Appraisal or valuation services, fairness opinions, or contribution-in-kind reports

Actuarial services

Internal audit outsourcing services

Management functions or human resources

Broker or dealer, investment adviser, or investment banking services

Legal services and expert services unrelated to the audit

Any other service that the board determines, by regulation, is impermissible

Ā e board may, on a case-by-case basis, exempt from these prohibitions any person, issuer, public

accounting fi rm, o r t ransaction, subject to re view b y t he c ommission. However, t he S EC h as

oversight and enforcement authority over the board. Ā e board, in its rulemaking process, is to be

treated as if it were a registered securities association.

It will not be unlawful to provide other nonaudit services if the audit committee preapproves

them i n t he following m anner. Ā e a ct a llows a n a ccounting fi rm to en gage i n a ny nonaudit

service, including tax services that are not listed previously, only if the audit committee of the

issuer preapproves the activity. Ā e audit committee will disclose to investors in periodic reports

its decision to p reapprove nonaudit services. Statutory insurance company regulatory audits are

treated as an audit service, and thus do not require preapproval.

Ā e preapproval requirement is waived with respect to the provision of nonaudit services for

an issuer if the aggregate amount of all such nonaudit services provided to the issuer constitutes

less than 5 p ercent of the total amount of revenues paid by the issuer to i ts auditor (calculated

on the basis of revenues paid by the issuer during the fi scal year when the nonaudit services are

performed). Such services were not recognized by the issuer at the time of the engagement to be

nonaudit services, and are promptly brought to the attention of the audit committee and approved

before completion of the audit. Ā e authority to preapprove services can be delegated to one or


The Legal Environment and Its Impact on Information Technology � 29

more members of the audit committee, but any decision by the delegate must be presented to the

full audit committee.

For independence acceptance, the lead audit or coordinating partner and the reviewing partner

must rotate off of t he aud it e very fi ve years. Also, the accounting fi rm must report to the

audit committee all critical accounting policies and practices to be used, all alternative methods

to Generally Accepted Accounting Principles (GAPP) that have been discussed with the management,

and ramifi cations of the use of such alternative disclosures and methods.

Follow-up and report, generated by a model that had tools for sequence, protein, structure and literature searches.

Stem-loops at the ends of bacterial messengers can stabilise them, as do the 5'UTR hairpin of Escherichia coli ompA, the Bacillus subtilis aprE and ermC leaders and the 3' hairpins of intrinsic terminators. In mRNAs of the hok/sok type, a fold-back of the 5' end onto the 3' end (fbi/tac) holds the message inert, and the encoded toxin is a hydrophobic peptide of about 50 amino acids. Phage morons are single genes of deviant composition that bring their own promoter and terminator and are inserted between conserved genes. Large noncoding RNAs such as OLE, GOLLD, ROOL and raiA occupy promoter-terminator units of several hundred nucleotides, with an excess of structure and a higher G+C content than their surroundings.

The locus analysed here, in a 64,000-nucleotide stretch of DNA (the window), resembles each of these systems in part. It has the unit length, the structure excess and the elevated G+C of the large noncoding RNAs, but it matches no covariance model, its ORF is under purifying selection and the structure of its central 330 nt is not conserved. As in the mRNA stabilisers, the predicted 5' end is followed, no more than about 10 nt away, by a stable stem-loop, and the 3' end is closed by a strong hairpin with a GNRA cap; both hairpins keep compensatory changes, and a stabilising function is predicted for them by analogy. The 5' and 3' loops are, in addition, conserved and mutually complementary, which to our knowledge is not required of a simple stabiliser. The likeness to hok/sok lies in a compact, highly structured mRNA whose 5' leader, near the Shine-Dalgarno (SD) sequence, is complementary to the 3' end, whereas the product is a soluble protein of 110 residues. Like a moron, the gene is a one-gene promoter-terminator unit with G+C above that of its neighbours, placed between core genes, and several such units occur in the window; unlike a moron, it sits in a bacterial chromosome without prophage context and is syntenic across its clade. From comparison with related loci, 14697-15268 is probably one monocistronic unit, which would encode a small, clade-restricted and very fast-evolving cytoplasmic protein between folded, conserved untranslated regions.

Another aud it i ndependence c ompliance i ssue i s t hat t he C EO, C ontroller, CF O, C hief

Accounting Offi cer, or person in an equivalent position cannot be employed by the company’s

audit fi rm during the one-year period preceding the audit. Ā e CEO and the CFO of each issuer

shall prepare a s tatement to a ccompany t he aud it report to c ertify t he appropriateness of t he

fi nancial s tatements a nd d isclosures c ontained i n t he p eriodic rep ort, a nd t hat t hose fi nancial

statements a nd d isclosures f airly present, i n a ll m aterial re spects, t he operations a nd fi nancial

condition of the issuer. A violation of this section must be knowing and intentional to give rise to

liability. It shall be unlawful for any offi cer or director of an issuer to take any action to fraudulently

infl uence, coerce, manipulate, or mislead a ny auditor engaged in t he performance of a n

audit for the purpose of rendering the fi nancial statements materially misleading.

Ā e act penalizes executives for nonperformance. If an issuer is required to prepare a restatement

due to m aterial noncompliance with fi nancial reporting requirements, t he CEO a nd t he

CFO must reimburse the issuer for any bonus or other incentive- or equity-based compensation

received during the 12 months following the issuance. It prohibits the purchase or sale of stock by

offi cers and directors and other insiders during blackout periods. Any profi ts resulting from sales

in violation of this will be recoverable by the issuer.

Each fi nancial report that is required to be prepared in accordance with GAAP shall refl ect all

material-correcting adjustments that have been identifi ed by a registered accounting fi rm. Each

annual and quarterly fi nancial report shall disclose all material off -balance sheet transactions and

other relationships with unconsolidated entities that may have a material current or future eff ect

on the fi nancial condition of the issuer.

Ā e SEC shall study off -balance sheet disclosures to determine the (1) extent of off -balance sheet